The vaccinia virus is a large enveloped virus that contains a double stranded DNA genome and belongs to the poxvirus family. It is famous for its role in the worldwide program lead by the World Health Organization to eradicate smallpox. Vaccinia virus was used to develop a vaccine against smallpox, which eventually lead to the complete elimination of the disease from human populations. In fact, the term vaccination is derived from the vaccinia virus name because of the origin of the first cowpox vaccine by Dr. Edward Jenner. Recently, scientists have found a new use for the vaccinia virus. Medical researchers have always hypothesized that if cancer cells were able to be specifically targeted by anticancer treatment that the effects of the treatments could be amplified and more specific. Scientists have now engineered the vaccinia virus to specifically target cancer cells. The results of the research were published online in the journal Nature. The vaccinia virus was engineered to specifically target cancer cells that harbor the activation of a particular oncogenic pathway known as the epidermal growth factor receptor (EGFR)/ Ras pathway. This pathway is activated and amplified in several types of cancer cells. The newly engineered vaccinia virus has been termed JX-594 and is designated as an oncolytic poxvirus. These initial studies were designed to study the safety of the virus, and are still preliminary but have shown promising results. The investigators injected 23 patients with metastatic cancer with several dose concentrations of JX-594. In the patients that received the highest doses of the engineered vaccinia virus, seven out of eight had the virus specifically targeted to their tumors but not their healthy tissue. The researchers envision the engineered virus being able to efficiently deliver biological molecules such as peptides and small interfering RNAs to cancer cells while sparing normal tissues. The authors wrote, “Here we report the first reproducible dose related delivery, replication and transgene expression from a viral vector or oncolytic virus in metastatic solid tumours in humans after intravenous administration. Engineered oncolytic poxviruses such as JX-594 can express several complementary therapeutic proteins and/or siRNAs in metastatic tumours systemically and in a cancer-selective fashion; therapeutic concentrations in tumour tissues should therefore be markedly higher than in normal tissues”. Future studies will focus on the delivery of specific cancer treatment molecules to the targeted cancer cells. Although this technology is in its infancy, the potential is great and could eventually lead to the development of tissue specific and targeted cancer treatments.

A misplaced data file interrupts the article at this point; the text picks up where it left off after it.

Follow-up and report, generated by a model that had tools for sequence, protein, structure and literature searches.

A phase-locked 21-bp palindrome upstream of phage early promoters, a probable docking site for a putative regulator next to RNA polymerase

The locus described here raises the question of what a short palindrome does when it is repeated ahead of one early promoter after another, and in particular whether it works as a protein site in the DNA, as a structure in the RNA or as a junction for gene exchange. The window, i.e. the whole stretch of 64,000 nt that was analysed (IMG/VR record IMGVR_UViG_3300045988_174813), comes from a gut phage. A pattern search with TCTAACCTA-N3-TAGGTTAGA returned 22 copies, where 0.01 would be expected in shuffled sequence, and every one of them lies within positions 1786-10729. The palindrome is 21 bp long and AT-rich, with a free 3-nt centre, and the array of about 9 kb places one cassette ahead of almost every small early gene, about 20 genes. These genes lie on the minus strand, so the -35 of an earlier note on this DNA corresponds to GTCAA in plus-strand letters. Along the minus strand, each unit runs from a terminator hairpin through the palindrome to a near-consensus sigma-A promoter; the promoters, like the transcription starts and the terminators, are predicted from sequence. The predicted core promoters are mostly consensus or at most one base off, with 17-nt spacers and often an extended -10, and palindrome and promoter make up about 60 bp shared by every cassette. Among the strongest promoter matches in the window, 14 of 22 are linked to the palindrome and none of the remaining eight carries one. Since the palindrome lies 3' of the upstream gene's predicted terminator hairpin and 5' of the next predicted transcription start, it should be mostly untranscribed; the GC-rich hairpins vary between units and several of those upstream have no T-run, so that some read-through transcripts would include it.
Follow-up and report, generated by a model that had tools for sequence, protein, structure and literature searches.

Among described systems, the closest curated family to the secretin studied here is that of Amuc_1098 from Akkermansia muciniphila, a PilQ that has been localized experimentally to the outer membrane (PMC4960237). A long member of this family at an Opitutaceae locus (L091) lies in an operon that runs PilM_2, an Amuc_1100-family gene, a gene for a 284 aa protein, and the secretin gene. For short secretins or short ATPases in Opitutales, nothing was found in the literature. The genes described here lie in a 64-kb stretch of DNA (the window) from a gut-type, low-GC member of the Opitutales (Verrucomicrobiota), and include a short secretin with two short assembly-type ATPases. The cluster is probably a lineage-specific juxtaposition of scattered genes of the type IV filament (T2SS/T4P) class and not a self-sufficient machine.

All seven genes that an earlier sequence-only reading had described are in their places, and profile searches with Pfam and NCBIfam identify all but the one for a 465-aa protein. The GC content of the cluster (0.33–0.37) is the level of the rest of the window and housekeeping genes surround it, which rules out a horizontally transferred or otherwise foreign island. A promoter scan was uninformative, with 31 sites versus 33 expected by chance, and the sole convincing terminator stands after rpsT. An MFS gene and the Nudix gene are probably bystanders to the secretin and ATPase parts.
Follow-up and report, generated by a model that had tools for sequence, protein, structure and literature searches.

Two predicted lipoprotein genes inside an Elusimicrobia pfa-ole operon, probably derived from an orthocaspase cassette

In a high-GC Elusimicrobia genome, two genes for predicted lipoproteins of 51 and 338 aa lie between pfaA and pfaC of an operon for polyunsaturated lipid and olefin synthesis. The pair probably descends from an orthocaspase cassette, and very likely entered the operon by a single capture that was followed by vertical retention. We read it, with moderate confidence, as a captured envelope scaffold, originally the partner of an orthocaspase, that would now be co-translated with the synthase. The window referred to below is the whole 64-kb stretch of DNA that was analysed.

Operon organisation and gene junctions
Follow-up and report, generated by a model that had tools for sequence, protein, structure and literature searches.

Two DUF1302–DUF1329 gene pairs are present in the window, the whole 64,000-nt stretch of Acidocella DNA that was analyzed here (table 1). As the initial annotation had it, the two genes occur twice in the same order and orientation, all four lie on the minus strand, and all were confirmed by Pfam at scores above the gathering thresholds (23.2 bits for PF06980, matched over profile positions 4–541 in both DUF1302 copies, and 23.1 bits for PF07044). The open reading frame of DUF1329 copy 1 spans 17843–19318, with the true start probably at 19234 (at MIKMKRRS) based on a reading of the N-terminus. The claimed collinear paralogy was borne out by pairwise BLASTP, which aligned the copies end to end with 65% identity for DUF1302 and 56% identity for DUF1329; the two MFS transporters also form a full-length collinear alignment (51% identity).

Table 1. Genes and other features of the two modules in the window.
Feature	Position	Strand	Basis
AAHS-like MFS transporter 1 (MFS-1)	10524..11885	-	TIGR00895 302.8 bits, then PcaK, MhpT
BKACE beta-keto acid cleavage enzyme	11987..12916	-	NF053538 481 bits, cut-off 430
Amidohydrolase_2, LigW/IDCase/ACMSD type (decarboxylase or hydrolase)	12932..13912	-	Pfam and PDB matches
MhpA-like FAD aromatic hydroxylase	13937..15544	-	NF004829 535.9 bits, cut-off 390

Caroline J. Breitbach et al. “Intravenous delivery of a multimechanistic cancer-targeted oncolytic poxvirus in humans” Nature published online August 31, 2011 doi:10.1038/nature10358